Why do some sexual practices disgust us?
As well as bodily fluids and rotting meat, there are other things people commonly describe as disgusting, and many of them are sexual behaviours. But how do we decide what to find disgusting, and what is acceptable? Robin Mackenzie works on Neuroscience, Medical Law & Ethics at the University of Kent, and she explained to Ginny Smith what is going on in the brain when we find something disgusting.
Robin - Well, to start with, the reaction begins in the stomach and actual body as apposed to the brain. So, you get a feeling of discomfort in your stomach. You get tense facial mask skin and you get cardiovascular changes. Your heartbeat goes either up or down. Those sensations get translated by the insular in the brain to other areas of the brain that are involved with an emotional aspect to the reaction and a cognitive reaction. In the prefrontal cortex, we will make decisions about how to deal with the emotions and how to deal with the bodily sensations by interpreting all the information from the different parts of the body.
Ginny - Why are things like sex-related behaviours so strongly linked to disgust?
Robin - Well, one of the current theories which I'm adhering to is that we were evolved to find the best possible reproductive partners that we could what this meant is that we would be in some sense, evolutionarily programmed to look out for people who seem to be healthy, who seem to be likely to be able to produce healthy children with us. So, someone who was ill, someone who was too young or too old, or in other words, unsuitable would arouse disgust to prevent us considering having sex with them as someone in the same kin group as us who was too close to have healthy children with.
Ginny - So, the idea of incest makes you feel disgusted and that's to make sure that you have healthy babies because of course, if you have a baby with someone closely related to you , they can have genetic defects.
Robin - Absolutely.
Ginny - But of course, things have changed a lot since the time we evolved in. So, how does that kind of evolutionary disgust apply in modern society?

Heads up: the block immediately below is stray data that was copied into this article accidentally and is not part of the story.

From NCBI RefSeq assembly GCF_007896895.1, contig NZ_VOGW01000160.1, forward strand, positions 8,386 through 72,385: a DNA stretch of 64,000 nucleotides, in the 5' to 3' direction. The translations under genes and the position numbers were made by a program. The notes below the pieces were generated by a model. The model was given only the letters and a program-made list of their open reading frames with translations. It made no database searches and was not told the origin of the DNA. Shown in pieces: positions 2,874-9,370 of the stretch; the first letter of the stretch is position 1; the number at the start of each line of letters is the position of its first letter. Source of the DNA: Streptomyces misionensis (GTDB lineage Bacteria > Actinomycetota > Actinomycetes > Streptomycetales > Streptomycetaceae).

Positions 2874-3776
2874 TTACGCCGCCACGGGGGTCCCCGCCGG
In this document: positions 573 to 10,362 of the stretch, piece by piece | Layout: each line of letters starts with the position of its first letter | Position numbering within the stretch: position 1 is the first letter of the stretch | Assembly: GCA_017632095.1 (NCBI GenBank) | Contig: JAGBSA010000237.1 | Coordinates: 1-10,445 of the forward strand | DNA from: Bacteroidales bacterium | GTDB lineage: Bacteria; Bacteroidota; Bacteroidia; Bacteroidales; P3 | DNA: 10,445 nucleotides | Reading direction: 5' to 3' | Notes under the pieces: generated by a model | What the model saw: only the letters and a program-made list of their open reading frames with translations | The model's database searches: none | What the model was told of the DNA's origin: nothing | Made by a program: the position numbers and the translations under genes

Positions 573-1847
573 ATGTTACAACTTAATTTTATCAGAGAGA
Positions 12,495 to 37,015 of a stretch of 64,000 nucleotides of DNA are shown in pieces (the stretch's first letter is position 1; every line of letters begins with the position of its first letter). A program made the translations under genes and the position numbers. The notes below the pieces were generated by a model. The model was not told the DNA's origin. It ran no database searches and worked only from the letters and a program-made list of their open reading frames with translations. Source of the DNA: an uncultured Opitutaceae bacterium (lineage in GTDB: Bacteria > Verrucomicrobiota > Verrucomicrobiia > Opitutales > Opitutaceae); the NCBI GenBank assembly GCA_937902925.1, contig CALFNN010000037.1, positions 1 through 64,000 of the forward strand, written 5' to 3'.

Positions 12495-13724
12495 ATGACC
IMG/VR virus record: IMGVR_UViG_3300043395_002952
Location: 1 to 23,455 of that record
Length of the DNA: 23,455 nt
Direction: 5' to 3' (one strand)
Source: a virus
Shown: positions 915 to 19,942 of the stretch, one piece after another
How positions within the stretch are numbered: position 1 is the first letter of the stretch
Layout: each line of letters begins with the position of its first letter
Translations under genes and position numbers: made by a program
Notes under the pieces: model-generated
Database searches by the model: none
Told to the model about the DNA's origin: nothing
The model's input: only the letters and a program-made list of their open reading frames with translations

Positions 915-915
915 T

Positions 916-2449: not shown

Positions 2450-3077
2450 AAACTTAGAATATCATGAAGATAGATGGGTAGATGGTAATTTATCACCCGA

Robin - Well, I think this is really interesting because from what Paul was saying, what happens with culture is that there's a lot of repurposing of primaly involved mechanisms. For instance, if we look at reading, reading takes advantage of things in the brain that were setup for facial recognition and object recognition, and those are put together to enable us to read and that's a form of cultural evolution. If we're looking at cultural evolution in terms of sex then with the Judeo-Christian heritage, a lot of the law and a lot of the moral ideas of what was right and wrong, were oriented around ensuring that reproduction took place as a result of sexual activity. So, things like adultery, incest, sex with animals were all seen as very much the wrong thing. Equally, having sex with someone who was menstruating was seen as a very wrong thing. Well, homosexuality and many of the kind of things that were seen as a very bad thing to do and disgusting are now increasingly seen as acceptable as society has become more secular. So, this is a form of cultural evolution.
Ginny - You work in law. What does disgust have to do with the laws that make our country safe?
Robin - Well, if you look at primate societies, there's a lot of evidence to suggest that if punishment doesn't happen to insure that conduct is appropriate in a society, then it's less likely to succeed. This gets harnessed in a form of moral disgust in our society where people think that someone who has misbehaved in a particular way or has behaved in a particular way that they conceive of as misbehaving should be punished. You can see this in terms of various sexual behaviours like paedophilia for instance. It's seen as very wrong, coercive sex and rape is seen as very wrong. So, how this impacts on our legal system is what's prohibited. And also, in terms of the sentencing and punishment, disgust comes in terms of what make the laws in that area and also, what the degree of punishment that's likely to be imposed in the sentencing has been shown to be influenced by individual's differences and in terms of how much disgust they feel.